WASHINGTON — The first boos, guttural and loud, greeted Bryce Harper during pregame introductions 15 minutes ahead of the rain-delayed first pitch Tuesday night, as he stood in the Nationals Park visitor’s dugout wearing his Philadelphia Phillies uniform — and hours before he marked his second-deck homer with an epic bat flip.
The jeers kept coming, filling the chilly air when Harper walked to the plate as the No. 3 hitter for Philadelphia, his initial at-bat as a Washington opponent. More hostility came while he awaited each pitch from Max Scherzer, all of that negativity interrupted only by the sheer-joy roars after each strike of his eventual whiff, which concluded with a swing-and-miss at an 85 mph changeup.
Harper had said he expected a mixed reaction from spectators in his return to D.C. after leaving via free agency to sign a $330 million, 13-year deal with the Phillies. Sure sounded rather one-sided from an announced attendance of 35,920.
Adding to the theatrics of it all, as is his wont, Harper delivered a no-doubt-about-it homer off Jeremy Hellickson in the eighth inning, a two-run shot that traveled about 450 feet and put the Phillies ahead 8-2, which would be the final score.
That topped off a 3-for-5 showing with three RBIs, and Harper sent his bat twirling in the direction of his former dugout, then engaged in elaborately choreographed celebrations with his current teammates.
In the bottom half of the first, there was booing as Harper headed out to play right field — where fans in the front row of the bleachers wore shirts that spelled out “T-R-A-I-T-O-R” — and when he caught Adam Eaton’s fly for the first out.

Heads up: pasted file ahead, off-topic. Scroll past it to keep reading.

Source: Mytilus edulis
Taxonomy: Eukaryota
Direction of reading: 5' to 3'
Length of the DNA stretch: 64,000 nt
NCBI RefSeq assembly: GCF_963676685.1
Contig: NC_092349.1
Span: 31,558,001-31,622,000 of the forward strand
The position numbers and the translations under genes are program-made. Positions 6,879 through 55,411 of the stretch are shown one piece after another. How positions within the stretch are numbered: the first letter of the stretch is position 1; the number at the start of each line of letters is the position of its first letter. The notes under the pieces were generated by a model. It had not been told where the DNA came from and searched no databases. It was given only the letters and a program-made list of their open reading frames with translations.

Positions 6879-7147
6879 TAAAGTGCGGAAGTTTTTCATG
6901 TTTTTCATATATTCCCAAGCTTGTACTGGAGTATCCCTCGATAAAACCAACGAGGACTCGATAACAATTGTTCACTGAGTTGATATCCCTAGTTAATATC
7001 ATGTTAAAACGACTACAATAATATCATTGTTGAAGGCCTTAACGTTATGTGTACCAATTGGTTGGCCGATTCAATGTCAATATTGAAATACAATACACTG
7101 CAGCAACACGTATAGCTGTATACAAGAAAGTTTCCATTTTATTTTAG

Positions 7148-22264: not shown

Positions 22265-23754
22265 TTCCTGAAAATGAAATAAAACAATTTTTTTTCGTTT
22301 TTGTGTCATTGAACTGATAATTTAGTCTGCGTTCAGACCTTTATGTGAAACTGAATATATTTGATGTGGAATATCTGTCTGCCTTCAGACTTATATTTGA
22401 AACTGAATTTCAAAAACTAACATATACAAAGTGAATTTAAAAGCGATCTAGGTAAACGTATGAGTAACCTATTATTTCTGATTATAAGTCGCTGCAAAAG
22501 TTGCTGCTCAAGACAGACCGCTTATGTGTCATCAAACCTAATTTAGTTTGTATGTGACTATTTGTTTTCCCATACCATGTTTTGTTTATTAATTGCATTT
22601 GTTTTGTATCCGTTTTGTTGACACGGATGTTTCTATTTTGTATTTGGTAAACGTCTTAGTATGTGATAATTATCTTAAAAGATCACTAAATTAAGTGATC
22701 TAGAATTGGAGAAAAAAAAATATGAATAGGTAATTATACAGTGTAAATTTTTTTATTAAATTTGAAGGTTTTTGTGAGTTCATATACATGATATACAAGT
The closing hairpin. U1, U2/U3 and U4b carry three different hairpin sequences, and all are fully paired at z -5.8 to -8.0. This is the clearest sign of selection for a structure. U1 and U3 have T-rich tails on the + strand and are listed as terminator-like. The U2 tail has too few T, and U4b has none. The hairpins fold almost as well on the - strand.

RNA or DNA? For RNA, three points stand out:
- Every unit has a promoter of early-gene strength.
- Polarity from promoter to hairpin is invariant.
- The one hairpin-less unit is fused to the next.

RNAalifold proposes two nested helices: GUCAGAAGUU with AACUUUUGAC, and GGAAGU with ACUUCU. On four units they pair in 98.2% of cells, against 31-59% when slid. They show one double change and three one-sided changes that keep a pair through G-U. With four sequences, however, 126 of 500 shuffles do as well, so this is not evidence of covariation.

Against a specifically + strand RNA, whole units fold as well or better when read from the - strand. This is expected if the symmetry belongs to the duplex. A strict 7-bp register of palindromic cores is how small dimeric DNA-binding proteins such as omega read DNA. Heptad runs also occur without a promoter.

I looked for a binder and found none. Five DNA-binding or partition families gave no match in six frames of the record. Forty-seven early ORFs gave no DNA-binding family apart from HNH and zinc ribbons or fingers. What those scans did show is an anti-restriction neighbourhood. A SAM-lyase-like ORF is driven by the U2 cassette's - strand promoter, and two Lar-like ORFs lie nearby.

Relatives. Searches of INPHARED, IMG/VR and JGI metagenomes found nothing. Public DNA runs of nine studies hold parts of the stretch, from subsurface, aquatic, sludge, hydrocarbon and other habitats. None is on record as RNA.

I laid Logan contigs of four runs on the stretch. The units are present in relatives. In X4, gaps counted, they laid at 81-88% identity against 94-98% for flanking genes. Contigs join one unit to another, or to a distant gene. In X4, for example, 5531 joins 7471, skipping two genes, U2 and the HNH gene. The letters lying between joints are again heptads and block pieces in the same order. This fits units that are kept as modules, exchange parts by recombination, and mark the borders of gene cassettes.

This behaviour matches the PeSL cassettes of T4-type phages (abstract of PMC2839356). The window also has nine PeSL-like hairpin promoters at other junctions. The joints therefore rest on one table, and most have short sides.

After Ks in his first two at-bats, Harper doubled off Scherzer in the fifth, then singled in a run off lefty reliever Matt Grace in the sixth. He reacted to both with an exaggerated wave toward the Phillies’ dugout. Fans who made the trek down I-95 from Philadelphia regaled him with chants of “M-V-P!” and “We got Harper!”
Hours earlier, wearing a black baseball hat with “Positive Vibes” stitched in white and an attitude to match, Harper described his arrival this way: “Just coming to another stadium, and try to do my job.”
Truthfully, of course, it’s not just ANY other stadium. That he was speaking at the unusual-for-baseball pregame news conference packed with reporters, photographers and TV cameras was testament to that.
Until last week, the Nationals were the only big league club the 26-year-old Harper had played for, an organization that drafted him No. 1 overall in 2010 and brought him to the majors as a teen. Washington’s uniform was the one he wore when he won NL Rookie of the Year and MVP honors, when he earned six All-Star selections in seven seasons — including last year, when he stole the show by winning the Home Run Derby in D.C.
“It’s where,” he said, “I grew up.”
But the Nationals offered him less money than the Phillies did, with millions that would be deferred for decades. So he moved on.
He posted a “Thank you” message Tuesday to Nationals fans and the city of Washington on Instagram. The only time Harper really betrayed a hint of real emotion before the game was when he choked on his words while talking about how he and his wife, Kayla, are expecting their first baby.
Otherwise, he spoke about being “excited for the next chapter” and “pumped” to be back.
“I imagine it’s got to be a little weird. A ton of emotions,” Phillies first baseman Rhys Hoskins said. “Obviously he gave a ton to this organization. And he and Kayla gave a ton to this city. I hope people don’t forget about that. It’s been talked about for a while, too, so I’m sure there’s a ton of buildup for him.”
After Harper’s 15-minute session with reporters, he left the stadium’s interview room. Instead of turning to his left to go to the home clubhouse, he walked to his right, down a hallway leading to the visiting clubhouse.
Later, he hung out in the lunch room, chatting and laughing with Andrew McCutchen and two other Phillies.
Across the ballpark, Nationals players spoke about the prospect of facing him instead of relying on him.
“For a lot of us in here, we’ve turned the page and we’re focused on this season,” closer Sean Doolittle said. “We’ve kind of come to grips with it.”
Or as first baseman Ryan Zimmerman put it: “Honestly, it’s just another game.”
To him, maybe.
To the Nationals supporters who paid for the right to boo when the guy who wore No. 34 for so long strode to the plate wearing his No. 3 Phillies jersey, probably not.